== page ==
Each year, RCEA performs a Summer Assessment, which describes expectations of electricity supplies and demand in the third quarter of the current year relative to the same period in the year prior, both across the California Independent System Operator grid and for RCEA’s customer demand specifically. The Assessment documents what resources RCEA has contracted that are or will be operational this summer, and the efforts we are taking to support grid reliability.
RCEA procures a combination of renewable and carbon-free resources that qualify for California’s RPS or otherwise do not emit greenhouse gases, including large hydropower. RCEA’s risk management policy prohibits inclusion of nuclear power, coal power, and hydropower from existing dams on the mainstem Klamath River in our energy portfolio. More information about resource types and specific projects can be found on our Power Resources page.
In addition to our Board’s goals described above, RCEA’s renewable energy procurement is driven by compliance with two key pieces of California legislation. SB 100 calls for electricity providers to increase the percentage of renewable energy in their mix over time, eventually reaching 100% renewable and carbon-free energy by 2045, with intermediate targets along the way. SB 350 requires electricity providers to ensure that, beginning in 2021, at least 65% of SB 100’s renewable energy mandate is under long-term contracts of ten years’ minimum duration.
Customers participating in our default REpower service typically receive around 40% renewable energy, while “opted up” REpower+ customers receive 100% renewable energy. RCEA’s renewable procurement is planned to increase steadily until all customers are receiving 100% renewable energy by 2030. RCEA procures this energy through short- and long-term contracts with existing and new renewable generators. Please see RCEA’s Power Resources webpage for a graphic of these targets and information on specific projects. These projects are procured under long-term contracts through competitive solicitations. Once they are all operational, these projects will provide about two-thirds of RCEA’s annual electricity supply. In addition to helping RCEA meet the SB 350 requirement described above , they also provide energy at lower and more stable cost than short-term contracts, thus enabling RCEA to continue providing customer savings on energy bills.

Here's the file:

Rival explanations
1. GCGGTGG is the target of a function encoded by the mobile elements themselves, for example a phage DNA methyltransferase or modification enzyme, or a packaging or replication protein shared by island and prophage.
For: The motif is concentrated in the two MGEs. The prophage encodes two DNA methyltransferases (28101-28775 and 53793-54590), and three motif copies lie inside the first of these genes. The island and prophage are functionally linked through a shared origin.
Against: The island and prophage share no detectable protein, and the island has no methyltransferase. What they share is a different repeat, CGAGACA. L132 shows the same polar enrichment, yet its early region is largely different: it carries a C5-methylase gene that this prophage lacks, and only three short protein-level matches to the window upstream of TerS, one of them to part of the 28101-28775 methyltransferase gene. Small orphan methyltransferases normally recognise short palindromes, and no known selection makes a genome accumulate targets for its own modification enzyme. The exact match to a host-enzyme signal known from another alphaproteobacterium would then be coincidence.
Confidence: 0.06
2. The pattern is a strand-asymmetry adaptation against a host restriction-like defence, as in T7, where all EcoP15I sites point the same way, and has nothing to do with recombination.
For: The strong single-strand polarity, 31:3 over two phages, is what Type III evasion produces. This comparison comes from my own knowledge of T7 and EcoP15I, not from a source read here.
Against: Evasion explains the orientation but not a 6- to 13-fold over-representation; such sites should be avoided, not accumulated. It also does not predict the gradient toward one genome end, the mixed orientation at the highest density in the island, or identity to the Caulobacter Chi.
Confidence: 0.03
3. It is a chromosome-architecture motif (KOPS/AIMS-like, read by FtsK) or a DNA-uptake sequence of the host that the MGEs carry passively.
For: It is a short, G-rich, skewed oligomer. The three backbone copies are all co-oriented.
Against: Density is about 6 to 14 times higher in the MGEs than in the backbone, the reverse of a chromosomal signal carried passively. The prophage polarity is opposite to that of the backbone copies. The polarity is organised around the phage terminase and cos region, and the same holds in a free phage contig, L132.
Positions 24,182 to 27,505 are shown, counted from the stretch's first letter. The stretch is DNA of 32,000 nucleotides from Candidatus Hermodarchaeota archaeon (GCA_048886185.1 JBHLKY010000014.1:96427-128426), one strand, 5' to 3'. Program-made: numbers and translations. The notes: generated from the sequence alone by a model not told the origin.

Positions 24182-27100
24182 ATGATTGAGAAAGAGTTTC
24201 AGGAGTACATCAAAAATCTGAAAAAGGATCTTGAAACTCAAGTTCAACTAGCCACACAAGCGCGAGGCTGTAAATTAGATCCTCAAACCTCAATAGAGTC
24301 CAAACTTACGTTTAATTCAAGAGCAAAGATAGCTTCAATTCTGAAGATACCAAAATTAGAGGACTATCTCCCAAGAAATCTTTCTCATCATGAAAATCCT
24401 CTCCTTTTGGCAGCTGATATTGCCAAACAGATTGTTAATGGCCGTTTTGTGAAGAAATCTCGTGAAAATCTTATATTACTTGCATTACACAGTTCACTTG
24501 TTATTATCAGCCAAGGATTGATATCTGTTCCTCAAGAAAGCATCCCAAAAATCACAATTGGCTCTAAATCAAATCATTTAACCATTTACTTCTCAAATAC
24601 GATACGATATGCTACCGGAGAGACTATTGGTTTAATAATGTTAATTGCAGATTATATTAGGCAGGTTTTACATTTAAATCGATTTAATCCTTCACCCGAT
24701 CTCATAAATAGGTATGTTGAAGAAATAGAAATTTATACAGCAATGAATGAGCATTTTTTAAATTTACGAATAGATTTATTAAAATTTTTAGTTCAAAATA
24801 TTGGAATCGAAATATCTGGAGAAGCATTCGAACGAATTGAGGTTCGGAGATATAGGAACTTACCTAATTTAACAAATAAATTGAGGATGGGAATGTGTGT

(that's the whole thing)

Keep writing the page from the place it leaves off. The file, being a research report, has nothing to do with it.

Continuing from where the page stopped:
California is retiring fossil fuel power plants at an unprecedented rate in its efforts to reduce statewide greenhouse gas emissions responsible for climate change. In addition, the Diablo Canyon nuclear plant that provides about one-fourth of PG&E’s electricity is scheduled to close by 2025 (though recent action by the State may extend operation to as late as 2030 to ensure grid reliability while more renewable energy and energy storage is brought online). To replace these non-renewable resources, California is accelerating development of clean resources that can provide power around the clock. While the state cannot meet its climate goals with distributed solar alone, RCEA supports rooftop solar and other distributed renewable energy technologies. We offer net energy metering, a feed-in-tariff for mid-sized renewable energy projects, and a Public Agency Solar Program to promote this approach. However, there are two concerns about relying only on distributed solar. One is cost – deploying the vast amount of renewable energy we need to meet countywide electricity loads only with small distributed systems would cost far more than the energy we can procure through the utility scale power purchase agreements. Another concern is over-reliance on solar energy. The energy from solar projects is delivered at midday, when the California grid is already experiencing a glut of over-generation from the state’s booming solar industry. This can be addressed through energy storage that makes solar energy available at other times of day, as RCEA has done with its solar plus storage microgrid project. However, adding storage significantly increases project cost and complexity. RCEA aims to develop a diverse power mix, including resources that produce electricity at complementary seasons and times of day to solar, such as wind and hydropower.
RCEA is a joint powers agency formed by and representing our local Humboldt County and City governments. As such, we have a stake in protecting the environment in Humboldt County as well as the communities that host our non-local energy projects. Impact on various environmental resources is factored into the evaluation process in each of RCEA’s power contract solicitations. Also, provisions are included in RCEA’s contracts that ensure power projects are developed and operated in accordance with environmental law and enable RCEA to cancel the contract in the event that the seller does not comply with environmental and other regulations. Ultimately, the potential for RCEA to buy power from a project is contingent on its approval by the authority having jurisdiction based on their evaluation of environmental impacts under the California Environmental Quality Act.